Acclaimed architect Peter Busby’ s new book shows a future where buildings and cities contribute to nature Peter Busby, the award-winning architect and winner of the 2014 RAIC Gold Medal, has been an innovator in sustainable building design since opening his architectural practice in Vancouver over 30 years ago. In his new book, Busby: Architecture’s New Edges, he directs his experience and observations to forecast a future in which architecture will create buildings and cities that will sustain life. Busby now works in the upper levels of international firm Perkins+Will which is perhaps THE leader in sustainable design and thinking. Some of the issues covered in the book are: Culture of Innovation: Fostering Ingenuity; Regenerative Design: Architecture Finds its Place in Nature; The Future of Cities: Sustaining Life; and The Future Face of HighPerformance Design. Peter Busby’s message is clear: “the architect can become an agent of change, capable of building things that guide others toward more responsible behaviour”, [but] ”We can-

not in good conscience exhort our clients to do things we ourselves would not do.” Busby walks the talk like few others in the sustainability movement - and ‘Busby: Architecture’s New Edges’ exhorts every one of us to do the same.

262 pages, 9”x11” 262 pages fully illustrated in colour, $49.95, ISBN 978-0-9827749-3-9

PASSIVE HOUSE CONFERENCE October 1 and 2, Vancouver North American Passive House Network conference [NAPHN15] Hosted by the Canadian Passive House Institute [CanPHI] West at the Hyatt Regency hotel in Vancouver, the NAPHN15 conference features case studies of exciting Passive House developments, from low rise to high rise, in hot and cold climates, from North America and around the world. Workshops and presentations will be curated for those new to Passive House, and for others looking to deepen their knowledge. The two-day conference will focus on three key areas of Passive House design and construction: An Introduction to Passive House, Advanced Passive House Techniques, and Policy and Regulation. There will also be a trade show dedicated to exhibitors in the Passive House market. Post-conference tours in Vancouver and Whistler/Pemberton will showcase Passive House projects including a prefabrication plant and a public recreation facility. More details:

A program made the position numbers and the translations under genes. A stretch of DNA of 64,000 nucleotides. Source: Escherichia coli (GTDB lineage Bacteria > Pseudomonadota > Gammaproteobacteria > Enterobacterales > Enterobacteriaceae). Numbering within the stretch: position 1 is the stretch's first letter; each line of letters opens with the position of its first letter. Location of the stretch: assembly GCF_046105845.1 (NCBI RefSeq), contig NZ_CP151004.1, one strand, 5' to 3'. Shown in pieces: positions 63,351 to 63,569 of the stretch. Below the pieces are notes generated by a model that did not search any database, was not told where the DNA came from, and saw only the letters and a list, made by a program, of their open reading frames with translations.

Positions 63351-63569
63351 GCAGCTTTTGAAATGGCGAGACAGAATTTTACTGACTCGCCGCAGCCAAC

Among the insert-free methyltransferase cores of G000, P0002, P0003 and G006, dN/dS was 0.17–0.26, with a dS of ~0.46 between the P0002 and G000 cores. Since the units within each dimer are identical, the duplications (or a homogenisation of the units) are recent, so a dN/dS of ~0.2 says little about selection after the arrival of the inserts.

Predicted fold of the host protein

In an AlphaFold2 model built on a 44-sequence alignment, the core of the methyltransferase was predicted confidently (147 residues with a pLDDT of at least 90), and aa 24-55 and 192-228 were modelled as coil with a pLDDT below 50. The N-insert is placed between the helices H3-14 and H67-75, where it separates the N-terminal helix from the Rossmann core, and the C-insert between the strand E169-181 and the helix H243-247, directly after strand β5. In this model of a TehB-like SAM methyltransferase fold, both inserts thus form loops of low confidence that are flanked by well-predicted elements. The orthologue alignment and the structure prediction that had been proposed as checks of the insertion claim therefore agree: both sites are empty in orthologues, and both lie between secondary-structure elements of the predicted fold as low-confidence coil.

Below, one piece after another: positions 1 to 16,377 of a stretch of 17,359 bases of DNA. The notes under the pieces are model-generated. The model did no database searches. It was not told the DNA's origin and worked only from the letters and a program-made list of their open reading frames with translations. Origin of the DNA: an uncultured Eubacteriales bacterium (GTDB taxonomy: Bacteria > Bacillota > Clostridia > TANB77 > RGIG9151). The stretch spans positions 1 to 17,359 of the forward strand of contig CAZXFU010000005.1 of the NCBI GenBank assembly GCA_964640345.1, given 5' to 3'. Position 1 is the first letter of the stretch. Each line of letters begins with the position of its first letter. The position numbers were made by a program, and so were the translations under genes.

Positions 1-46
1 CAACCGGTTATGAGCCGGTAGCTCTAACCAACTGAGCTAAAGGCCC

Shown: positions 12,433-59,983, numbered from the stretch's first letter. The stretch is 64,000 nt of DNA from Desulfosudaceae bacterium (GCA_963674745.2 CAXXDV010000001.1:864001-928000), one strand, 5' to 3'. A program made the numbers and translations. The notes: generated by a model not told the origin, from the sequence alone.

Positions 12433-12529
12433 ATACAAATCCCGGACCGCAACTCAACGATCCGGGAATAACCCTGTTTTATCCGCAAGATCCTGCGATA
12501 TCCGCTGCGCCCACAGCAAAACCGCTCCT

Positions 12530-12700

House in Low Off grid, passivelyheated home achieves LEED Gold

North elevation

When you’re a long way from the amenities of civilization, employing both active and passive solar strategies can provide security, independence and just good living in general. By Hillary Hosta

South elevation

ecohouse CANADA | SUMMER | 2015


You’re invited …

to the Demo House Video Building Guide One of the best information sources on techniques and products for building high-performance housing in the Canadian climate. View the brief, informative videos, and return often as we add more.

A project of in partnership with ecoHouse Canada.


Canadian Directory OF Sustainable PRODUCTS SERVICES Find products and expertise for high-performance building A dynamic web section for all your green building information


Building case studies - Technical articles - Events, seminars, product news S U S TA I N A B I L I T Y N E W S PA R T N E R S

12 SustainabilityNews ecohouse CANADA ad.indd | 1SUMMER | 2015

2015-07-06 1:53 PM

Beyond R-Values Study Shows There is More to Thermal Performance

The thermal performance of wall assemblies and insulation products has long been characterized using R-value, a metric which describes thermal resistance. While R-value is useful, it doesn’t tell the whole story about heat flow through building enclosures such as walls and roofs. Recently, a study by RDH has shown that real world thermal performance depends on a large range of factors including temperature, age, thermal mass, and surface reflectance.

By Lorne Ricketts

photo: Test roofs used to measure impact of three different roof membrane colours

ecohouse CANADA | SUMMER | 2015


Beechwood Deep Energy Retrofit Post-World War II bungalow re-made for healthy, low-energy living By Steven Gray

This deep energy retrofit began with an uninsulated masonry bungalow located on a ravine lot with favourable solar orientation. The owners’ goals were to build an energy-efficient home with great indoor air quality and low water consumption while being respectful of their environmentally-sensitive site and integrating seamlessly with the surrounding building fabric. The resulting building, when modelled using Passive House software, has an annual heating demand of 30kwH/m2, approximately 65% less than a code-built home of equal size. Most remarkably for a retrofit project, the home achieved an air tightness level of 0.44ACH @50Pa. The main floor was completely opened up for more natural light and space flow [1]. The second storey was added for better energy efficiency and for less site disturbance [2].


Standing seam cool metal roof

Garage deck

Natural cedar soffit Fiber cement siding

Site plan


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South elevation







The winning residential project of the 2015 Canadian Green Building Awards is a post-World War II bungalowtransformed into a highlyefficient two-storey home: a retrofit that exceeds Passive House airtightness requirements for new construction. The project underwent an integrated design process involving the architect, sustainability consultant, mechanical engineer, builder, and other professionals from the high-performance building industry.

Original house and outline of addition

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Urban Straw Bale Reno